Rock samples taken from the remains of an asteroid about twice the size of the 6 mile wide asteroid that eradicated the dinosaurs has been dated to be 3.47 billion years old and thus is evidence of the earliest known asteroid impact on Earth

(A) has been dated to be 3.47 billion years old and thus is

(B) has been dated at 3.47 billion years old and thus

(C) have been dated to be 3.47 billion years old and thus are

(D) have been dated as being 3.47 billion years old and thus

(E) have been dated at 3.47 billion years old and thus are

[Reveal] Spoiler:
Normally experts say
estimated at should be followed by an noun
e.g: the temperature is estimated at negative five hundred degrees
and estimated to be should be followed by non nouns(such as adjectives)
e.g the fossil is estimated to be 500 years old
THEN WHY ARE WE CHOOSING E OVER C?
VERBAL EXPERTS?

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Re: Rock samples taken from the remains of an asteroid about [#permalink]

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05 Aug 2012, 13:18
Quote:
* "at" is a preposition.
* prepositions must be followed by nouns.
* "xxx number of years old" is not a noun.
so, wrong.

in the other example -- "temperatures estimated at xxxx degrees fahrenheit" -- there's no problem, because "xxxx degrees fahrenheit" is a noun.

i don't think anything else is happening here.
the OG explanations are wrong fairly regularly (though not in most cases); this is one of those times.

This is what Ron Purewal of Manhattan GMAT has to say about estimated at/to be scenario
Shouldn't the same logic apply to dated at/dated to be as well?
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Re: Rock samples taken from the remains of an asteroid about [#permalink]

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05 Aug 2012, 14:58
souvik101990 wrote:
Rock samples taken from the remains of an asteroid about twice the size of the 6 mile wide asteroid that eradicated the dinosaurs has been dated to be 3.47 billion years old and thus is evidence of the earliest known asteroid impact on Earth

A ) Same

B) has been dated at 3.47 billion years old and thus

C) have been dated to be 3.47 billion years old and thus are

D) have been dated as being 3.47 billion years old and thus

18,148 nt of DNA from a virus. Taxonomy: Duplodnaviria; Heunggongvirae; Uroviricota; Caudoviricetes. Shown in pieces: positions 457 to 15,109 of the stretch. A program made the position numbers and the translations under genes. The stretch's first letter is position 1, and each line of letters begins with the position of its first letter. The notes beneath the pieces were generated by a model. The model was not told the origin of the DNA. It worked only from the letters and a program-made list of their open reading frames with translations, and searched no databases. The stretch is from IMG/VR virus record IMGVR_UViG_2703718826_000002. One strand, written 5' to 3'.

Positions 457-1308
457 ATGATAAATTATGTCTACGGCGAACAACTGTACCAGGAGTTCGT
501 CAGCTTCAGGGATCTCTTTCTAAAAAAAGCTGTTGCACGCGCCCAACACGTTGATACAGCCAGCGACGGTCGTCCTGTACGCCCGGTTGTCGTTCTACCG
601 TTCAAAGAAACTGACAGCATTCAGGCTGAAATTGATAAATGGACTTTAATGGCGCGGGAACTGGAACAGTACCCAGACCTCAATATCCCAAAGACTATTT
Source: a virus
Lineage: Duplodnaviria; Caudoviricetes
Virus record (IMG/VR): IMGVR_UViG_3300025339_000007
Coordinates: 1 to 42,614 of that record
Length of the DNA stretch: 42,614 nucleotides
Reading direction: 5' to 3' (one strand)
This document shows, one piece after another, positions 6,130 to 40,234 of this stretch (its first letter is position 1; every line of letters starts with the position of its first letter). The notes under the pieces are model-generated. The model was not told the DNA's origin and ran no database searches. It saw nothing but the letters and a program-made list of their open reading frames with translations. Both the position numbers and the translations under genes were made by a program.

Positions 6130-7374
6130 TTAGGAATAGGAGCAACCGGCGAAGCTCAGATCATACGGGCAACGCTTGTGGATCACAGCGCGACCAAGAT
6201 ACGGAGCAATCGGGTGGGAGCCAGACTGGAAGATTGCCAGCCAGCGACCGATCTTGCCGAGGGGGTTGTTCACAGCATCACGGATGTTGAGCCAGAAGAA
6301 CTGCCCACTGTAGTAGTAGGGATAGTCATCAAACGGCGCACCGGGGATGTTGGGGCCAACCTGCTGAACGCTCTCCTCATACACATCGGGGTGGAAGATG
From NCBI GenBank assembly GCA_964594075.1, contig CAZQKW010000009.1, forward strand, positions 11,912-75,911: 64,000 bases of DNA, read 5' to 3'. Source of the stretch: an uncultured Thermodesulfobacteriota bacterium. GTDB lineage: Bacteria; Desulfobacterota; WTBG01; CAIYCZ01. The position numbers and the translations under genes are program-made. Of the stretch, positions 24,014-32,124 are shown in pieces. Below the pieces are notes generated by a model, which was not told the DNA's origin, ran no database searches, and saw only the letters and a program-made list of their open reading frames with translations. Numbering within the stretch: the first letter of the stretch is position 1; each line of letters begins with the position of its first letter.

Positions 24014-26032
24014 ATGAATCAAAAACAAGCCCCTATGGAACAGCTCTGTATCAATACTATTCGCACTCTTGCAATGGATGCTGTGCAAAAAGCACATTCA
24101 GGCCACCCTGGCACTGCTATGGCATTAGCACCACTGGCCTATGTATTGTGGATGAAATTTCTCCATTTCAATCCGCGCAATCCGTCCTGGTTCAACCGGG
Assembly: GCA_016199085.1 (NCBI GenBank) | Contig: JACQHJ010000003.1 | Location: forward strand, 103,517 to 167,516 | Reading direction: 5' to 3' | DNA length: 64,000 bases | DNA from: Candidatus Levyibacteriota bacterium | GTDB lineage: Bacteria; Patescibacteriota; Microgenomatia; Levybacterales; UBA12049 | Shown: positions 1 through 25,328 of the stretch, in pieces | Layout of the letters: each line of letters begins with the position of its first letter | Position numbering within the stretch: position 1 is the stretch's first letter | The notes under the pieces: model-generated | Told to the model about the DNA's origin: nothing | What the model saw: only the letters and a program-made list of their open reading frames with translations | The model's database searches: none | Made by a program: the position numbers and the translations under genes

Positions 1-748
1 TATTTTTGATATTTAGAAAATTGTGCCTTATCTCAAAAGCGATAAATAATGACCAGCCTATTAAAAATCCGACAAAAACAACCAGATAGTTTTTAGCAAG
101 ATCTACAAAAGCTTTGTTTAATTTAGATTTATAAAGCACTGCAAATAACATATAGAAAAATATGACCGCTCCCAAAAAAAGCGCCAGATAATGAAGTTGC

E) have been dated at 3.47 billion years old and thus are

Normally experts say
estimated at should be followed by an noun
e.g: the temperature is estimated at negative five hundred degrees
and estimated to be should be followed by non nouns(such as adjectives)
e.g the fossil is estimated to be 500 years old
THEN WHY ARE WE CHOOSING E OVER C?
VERBAL EXPERTS?

I chose E bcs have been + dated +to be wont do ..

here it gives C as option/answer !
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Re: Rock samples taken from the remains of an asteroid about [#permalink]

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05 Aug 2012, 21:07
i know it gives E
Why the discrepancy between estimated to be and dated to be?
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Re: Rock samples taken from the remains of an asteroid about [#permalink]

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06 Aug 2012, 02:43
souvik101990 wrote:
i know it gives E
Why the discrepancy between estimated to be and dated to be?

the discrepancy is in two answers ..
unless we know which one is correct - let have some expert comment,
then only it is relevant to discuss 'estimated to be/dated to be ..'
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Re: Rock samples taken from the remains of an asteroid about [#permalink]

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06 Aug 2012, 07:06
souvik101990 wrote:
yeah thats what i am trying
EXPERTS, EXPERTS WHERE ART THOU?

kramacha1979 wrote:
wrote:
Q1 ) Why E not C

the only difference between (c) and (e) is idiomatic expression.
you don't say "dated to be..."; you do say "dated at...".

like other idiomatic expressions, this is one of those things that doesn't go according to any sort of logical rule; you just have to know it.
you should dedicate a page or two of a notebook to this, or make some flash cards for the ones you don't know.

This is what Ron has to say about DATED AT & DATED TO BE.

The rule is applicable with other expression with other expressions like ESTIMATED or ESTIMATED TO BE.